Morten? He just turns up and talk. And gives his opinions where you either agree or disagree with him because there is no right or wrong opinion. If he wants to make fans happy, he can try using this formula of 2P1C where a player is praised twice when he s criticized once because fans find criticism harder to swallow. So a double dose of Praise should be enough to neutralize a single dose of Criticism and fans on both sides would be happy.
     
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  19. Pcyl

    Pcyl Regular Member

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    I very honestly never get bored watching Kento Momota play. I watched his matches over and over again and still see the beauty of his movements, defence, attacks, smart adaptations, smart managements of energy and etc. Instead i think I might feel bored watching Ginting. But hey, let's not try to make personal judgments on each players and their styles. Ginting has his good style of playing and Momota has his good style of playing. Otherwise both of them won't be in the top 10 ranking.

    I sensed Momota has also been growing and bringing in new things in his play. In the process, he may sometimes loose some matches. Yet, I think his recent reputation of being able to come from behind and win will become something troubling to his opponents.
     
    #1659 Pcyl, Apr 15, 2019 at 8:05 AM
    Last edited: Apr 15, 2019 at 8:21 AM
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  20. Kento

    Kento Regular Member

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    403 messages with 119 likes in less than 5 months across a wide range of badminton topics on the Badminton Central message board are testimony to the fact that this is no parody account and that I am for real.

    If you observe my excellent command of the written form of the English language, I put it to you that you will be very hard-pressed to find anyone who can write with the same level of precision of meaning or context within which it is used.

    Note the grammatical structures that I employ when constructing my sentences and also pay attention to the vocabulary that I use and how I utilise it when expressing myself on here.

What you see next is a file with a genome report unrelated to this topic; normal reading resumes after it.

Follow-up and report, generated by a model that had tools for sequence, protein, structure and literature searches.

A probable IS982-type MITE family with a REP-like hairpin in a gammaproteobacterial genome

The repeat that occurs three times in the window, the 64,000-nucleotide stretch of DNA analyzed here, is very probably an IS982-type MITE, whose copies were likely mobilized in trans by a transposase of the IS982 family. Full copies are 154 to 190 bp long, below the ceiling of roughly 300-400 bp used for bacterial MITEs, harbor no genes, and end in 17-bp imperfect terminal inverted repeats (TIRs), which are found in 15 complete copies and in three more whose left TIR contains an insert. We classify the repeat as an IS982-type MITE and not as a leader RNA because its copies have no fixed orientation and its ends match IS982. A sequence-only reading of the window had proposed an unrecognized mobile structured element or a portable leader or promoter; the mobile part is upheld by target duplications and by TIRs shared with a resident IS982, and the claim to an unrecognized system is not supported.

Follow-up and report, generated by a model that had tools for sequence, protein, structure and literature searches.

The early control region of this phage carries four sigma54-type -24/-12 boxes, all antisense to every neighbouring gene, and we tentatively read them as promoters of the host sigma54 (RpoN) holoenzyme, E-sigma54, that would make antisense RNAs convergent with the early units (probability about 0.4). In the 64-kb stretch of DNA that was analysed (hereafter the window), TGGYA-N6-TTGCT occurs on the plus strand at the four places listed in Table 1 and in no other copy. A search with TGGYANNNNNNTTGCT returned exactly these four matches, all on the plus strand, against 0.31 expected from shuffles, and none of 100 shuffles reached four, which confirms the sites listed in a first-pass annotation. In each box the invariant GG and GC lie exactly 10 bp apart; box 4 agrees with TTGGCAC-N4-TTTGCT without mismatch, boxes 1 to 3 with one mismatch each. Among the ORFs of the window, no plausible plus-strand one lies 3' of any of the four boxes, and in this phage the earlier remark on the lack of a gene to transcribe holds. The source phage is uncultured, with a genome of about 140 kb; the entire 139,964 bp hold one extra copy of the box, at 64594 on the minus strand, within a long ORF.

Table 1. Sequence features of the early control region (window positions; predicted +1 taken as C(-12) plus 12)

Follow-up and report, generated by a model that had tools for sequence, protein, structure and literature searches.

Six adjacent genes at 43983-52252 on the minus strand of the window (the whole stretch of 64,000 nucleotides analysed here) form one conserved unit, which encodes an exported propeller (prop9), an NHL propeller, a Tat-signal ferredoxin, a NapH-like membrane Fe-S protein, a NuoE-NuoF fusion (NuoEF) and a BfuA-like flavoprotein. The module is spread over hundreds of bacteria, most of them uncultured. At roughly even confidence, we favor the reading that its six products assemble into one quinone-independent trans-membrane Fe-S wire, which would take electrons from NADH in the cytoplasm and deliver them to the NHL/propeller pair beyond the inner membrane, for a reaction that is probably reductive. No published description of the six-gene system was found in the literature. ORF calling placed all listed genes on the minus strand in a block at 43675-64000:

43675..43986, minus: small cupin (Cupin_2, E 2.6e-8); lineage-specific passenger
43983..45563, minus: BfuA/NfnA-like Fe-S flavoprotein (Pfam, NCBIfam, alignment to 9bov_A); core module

Can the same be said for accounts made in the name of famous ex/ current players on here I wonder?

    The problem that one or two on here have with me is that they are purely Kento Momota fanboys/fangirls and nothing else so that they cannot bear even the slightest bit of positive criticism against him.

    That is alright with me. They have the right to idolise him if they so wish.

    However, my deep admiration for Kento Momota (which makes him my favourite badminton player) stems from the following facts:

    He is a left-handed player like myself and plays in a style that is very similar to mine, albeit at the highest level on the World Tour as a professional player.

    He has very tight control over all his shots and never settles for less than 100% accuracy when playing them.

    He is very resolute in his purpose and has clear goals he has set for himself to accomplish in the near future, goals which he is succeeding in achieving even as we post messages on this board and watch him in admiration whilst he is doing so.

    He is forthright when he feels he has not performed to the best of his ability and states this in post-match interviews with refreshing honesty. This catharsis allows him to then move onto the next step, namely, attempting to remedy whatever it is that he feels needs to be changed or tweaked in order for his game to evolve to even higher levels.

    Like Momota-san, I like to be accurate in my appraisal of him and this means that I will provide my opinion on his play which will sometimes contain positive criticism of this.

    What differentiates my criticism from that made by those who are purely detractors is that I will also provide solutions to what I perceive to be negative factors that he needs to deal with in his progress.

    Ultimately, everyone is free to choose to think what they will.

    As for me, I would like to think that we all share one thing in common with one another, namely, our love for this wonderful game called badminton.